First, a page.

Take me back to the old school, cause I'm an old fool.
OK, so I'm not actually that old, but when Warp first became a label, I was just into my teen years living in a small town in middle America. I already had some ideas about what music I liked, but I had yet to hear much electronic music, even though it was exploding all over the world. At that time, Steve Beckett and Rob Mitchell were record shop owners getting hooked on that very stuff when they decided that they should start up a label devoted to the music that had them grooving. 10 years later, Warp records is bigger than it ever was, boasting not only a current who's-who of electronic artists (Autechre, Aphex Twin and Squarepusher to name a few), but a hugely impressive back catalogue (LFO, Nightmares On Wax, Sabres Of Paradise and tons more) as well. Like Matador Records across the Atlantic from them (who is now co-releasing tons of artists, as well as their 3, 2CD birthday celebration discs), it started out with a love of music and has grown into a cornerstone label in it's respective genres.
As the title of the disc suggests, this release is 2 CDs worth of the music that Beckett and Mitchell heard that inspired them to found Warp records. For the most part, it's serious old-school electronic music from the 80's. While you'd never guess it from hearing the majority of the labels current roster, most of the music that the two were inspired by was repetitive early acid house. Still, if you listen to it all close enough, their are little bits of it that have stayed with the scene for 10 years, and some that still seem before their time.
Things start off with the blipping, bleeping "Let's Get Brutal" by Nitro Deluxe and progress through several different kinds of styles, although they still have the same general feel. Steve Poindexter's "Computer Madness" is perhaps one of the most innovative tracks included, mixing a pulsing beat along with an almost algorithmic progression of cheesy tones. The first disc ends with the epic 12-minute long "Acid Tracks." It's a total barn-burner of a track that progresses as slow as a snail, but tweaks a wicked acid line that weasles it's way into your brain. It's basically Ritchie Hawtin as he would have sounded 10 years ago.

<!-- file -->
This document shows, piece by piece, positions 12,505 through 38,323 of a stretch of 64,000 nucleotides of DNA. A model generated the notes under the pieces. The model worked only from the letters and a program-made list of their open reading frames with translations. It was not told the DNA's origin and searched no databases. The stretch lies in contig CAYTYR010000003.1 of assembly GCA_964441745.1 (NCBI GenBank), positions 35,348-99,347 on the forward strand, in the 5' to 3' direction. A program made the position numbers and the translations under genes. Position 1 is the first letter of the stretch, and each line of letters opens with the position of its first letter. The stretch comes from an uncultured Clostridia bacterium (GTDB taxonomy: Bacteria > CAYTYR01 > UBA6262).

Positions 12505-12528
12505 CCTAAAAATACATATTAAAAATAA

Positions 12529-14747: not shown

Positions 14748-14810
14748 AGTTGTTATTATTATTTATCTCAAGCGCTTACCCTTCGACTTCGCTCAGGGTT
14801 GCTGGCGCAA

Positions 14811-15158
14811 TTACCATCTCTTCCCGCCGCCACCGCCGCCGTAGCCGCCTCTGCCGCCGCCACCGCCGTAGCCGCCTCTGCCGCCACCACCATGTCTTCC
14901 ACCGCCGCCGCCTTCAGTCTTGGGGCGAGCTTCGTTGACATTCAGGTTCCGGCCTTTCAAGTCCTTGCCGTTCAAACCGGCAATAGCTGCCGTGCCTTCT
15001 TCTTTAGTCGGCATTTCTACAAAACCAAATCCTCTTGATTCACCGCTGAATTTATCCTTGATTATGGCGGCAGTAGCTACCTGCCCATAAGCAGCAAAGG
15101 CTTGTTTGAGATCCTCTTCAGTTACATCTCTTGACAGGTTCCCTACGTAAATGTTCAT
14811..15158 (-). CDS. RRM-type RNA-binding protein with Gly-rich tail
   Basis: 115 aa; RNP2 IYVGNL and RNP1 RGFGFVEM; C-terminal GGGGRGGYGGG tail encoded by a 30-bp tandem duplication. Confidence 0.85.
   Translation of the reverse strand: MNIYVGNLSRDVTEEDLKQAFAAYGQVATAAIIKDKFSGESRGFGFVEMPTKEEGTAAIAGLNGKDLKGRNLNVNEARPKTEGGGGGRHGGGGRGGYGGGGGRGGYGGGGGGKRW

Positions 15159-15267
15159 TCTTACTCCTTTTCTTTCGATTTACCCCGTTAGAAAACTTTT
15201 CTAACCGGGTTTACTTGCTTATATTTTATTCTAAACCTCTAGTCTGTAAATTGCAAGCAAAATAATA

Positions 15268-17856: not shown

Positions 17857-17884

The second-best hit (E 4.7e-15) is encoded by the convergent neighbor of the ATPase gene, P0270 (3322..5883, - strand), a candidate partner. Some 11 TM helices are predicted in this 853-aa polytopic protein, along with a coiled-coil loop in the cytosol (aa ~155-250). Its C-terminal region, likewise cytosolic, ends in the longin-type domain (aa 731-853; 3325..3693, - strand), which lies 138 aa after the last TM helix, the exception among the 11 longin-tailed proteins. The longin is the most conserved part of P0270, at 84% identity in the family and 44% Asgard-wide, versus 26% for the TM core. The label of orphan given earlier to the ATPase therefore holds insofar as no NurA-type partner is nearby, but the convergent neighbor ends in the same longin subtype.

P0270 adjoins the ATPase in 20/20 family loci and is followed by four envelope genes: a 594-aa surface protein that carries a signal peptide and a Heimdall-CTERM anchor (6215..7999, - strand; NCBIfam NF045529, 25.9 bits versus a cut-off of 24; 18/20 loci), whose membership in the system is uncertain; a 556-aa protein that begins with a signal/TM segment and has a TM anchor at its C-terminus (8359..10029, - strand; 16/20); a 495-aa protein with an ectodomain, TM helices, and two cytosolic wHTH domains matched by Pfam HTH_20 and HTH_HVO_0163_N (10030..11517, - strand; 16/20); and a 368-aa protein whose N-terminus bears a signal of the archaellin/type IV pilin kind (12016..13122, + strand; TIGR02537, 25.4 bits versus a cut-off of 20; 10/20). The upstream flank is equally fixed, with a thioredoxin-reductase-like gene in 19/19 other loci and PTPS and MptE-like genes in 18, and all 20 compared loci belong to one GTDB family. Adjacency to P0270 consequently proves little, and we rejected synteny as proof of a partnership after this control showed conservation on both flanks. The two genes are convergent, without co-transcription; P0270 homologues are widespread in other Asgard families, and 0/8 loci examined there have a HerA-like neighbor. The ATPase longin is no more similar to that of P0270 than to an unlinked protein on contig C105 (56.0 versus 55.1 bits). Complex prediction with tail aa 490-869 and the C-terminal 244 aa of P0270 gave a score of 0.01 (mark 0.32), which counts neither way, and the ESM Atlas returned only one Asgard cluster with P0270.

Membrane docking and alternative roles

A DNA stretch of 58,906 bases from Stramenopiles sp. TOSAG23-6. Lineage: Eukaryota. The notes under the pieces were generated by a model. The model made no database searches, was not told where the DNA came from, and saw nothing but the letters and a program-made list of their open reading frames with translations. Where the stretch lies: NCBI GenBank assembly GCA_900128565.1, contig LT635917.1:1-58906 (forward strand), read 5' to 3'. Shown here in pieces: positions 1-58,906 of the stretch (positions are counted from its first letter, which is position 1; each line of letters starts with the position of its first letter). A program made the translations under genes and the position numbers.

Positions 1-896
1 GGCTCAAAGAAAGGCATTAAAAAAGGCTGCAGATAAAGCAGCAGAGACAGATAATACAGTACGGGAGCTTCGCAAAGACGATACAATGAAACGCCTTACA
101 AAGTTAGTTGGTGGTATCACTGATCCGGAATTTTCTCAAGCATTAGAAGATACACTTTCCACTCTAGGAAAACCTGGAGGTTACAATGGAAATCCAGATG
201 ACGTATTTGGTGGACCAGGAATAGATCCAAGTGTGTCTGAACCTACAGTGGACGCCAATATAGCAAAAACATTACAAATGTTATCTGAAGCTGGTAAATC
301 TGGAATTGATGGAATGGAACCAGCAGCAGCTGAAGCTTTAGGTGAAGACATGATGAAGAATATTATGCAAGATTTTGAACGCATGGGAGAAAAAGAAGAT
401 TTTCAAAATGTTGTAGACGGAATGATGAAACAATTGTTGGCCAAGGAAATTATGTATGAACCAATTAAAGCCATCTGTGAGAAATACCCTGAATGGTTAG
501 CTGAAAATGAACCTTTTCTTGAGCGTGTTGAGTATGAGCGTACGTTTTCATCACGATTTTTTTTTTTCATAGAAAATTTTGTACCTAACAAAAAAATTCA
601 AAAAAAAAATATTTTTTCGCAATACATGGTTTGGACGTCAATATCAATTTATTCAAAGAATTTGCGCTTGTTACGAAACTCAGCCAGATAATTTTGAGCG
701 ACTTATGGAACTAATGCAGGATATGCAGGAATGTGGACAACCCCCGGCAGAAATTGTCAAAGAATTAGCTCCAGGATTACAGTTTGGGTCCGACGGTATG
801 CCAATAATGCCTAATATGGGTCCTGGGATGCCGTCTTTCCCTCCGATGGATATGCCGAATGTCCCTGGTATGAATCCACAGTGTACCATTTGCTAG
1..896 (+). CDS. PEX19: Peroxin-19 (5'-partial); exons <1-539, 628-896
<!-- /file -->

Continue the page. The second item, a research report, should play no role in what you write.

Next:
The second disc actually goes in a few more directions, but again keeps that same feel throughout. 808 State shows up with their almost tribal-influenced "Let Yourself Go" and legend A Guy Called Gerald is represented by "Voodoo Ray." K Alexi Shelby cranks up the BPM's higher than before with the burnin' "Medusa," and Farley Jackmaster Funk layers things on so heavily that the red EQ levels bleed out the top. The Ital Rockers lend their now heavily-sampled "Ital's Anthem" to the proceedings and Juno's "Soul Thunder" provides the slowed-down precursor to Speed Garage.
Basically, if you like the old school techno, you're not going to go wrong here. Unfortunately, the sound quality isn't very good on some of the tracks, but I imagine that's mainly due to their rarity and the difficulty even extracting them from their original sources. If you want to hear the stuff, it's definitely easier to just buy the spankin' new crispy Warp re-releases, rather than sifting through bins all over looking for worn copies of the stuff. Its nice for either re-living the early days or aquainting yourself with them in the first place. Also check out the coinciding releases, Warp 10+2 Classics and Warp 10+3 Remixes.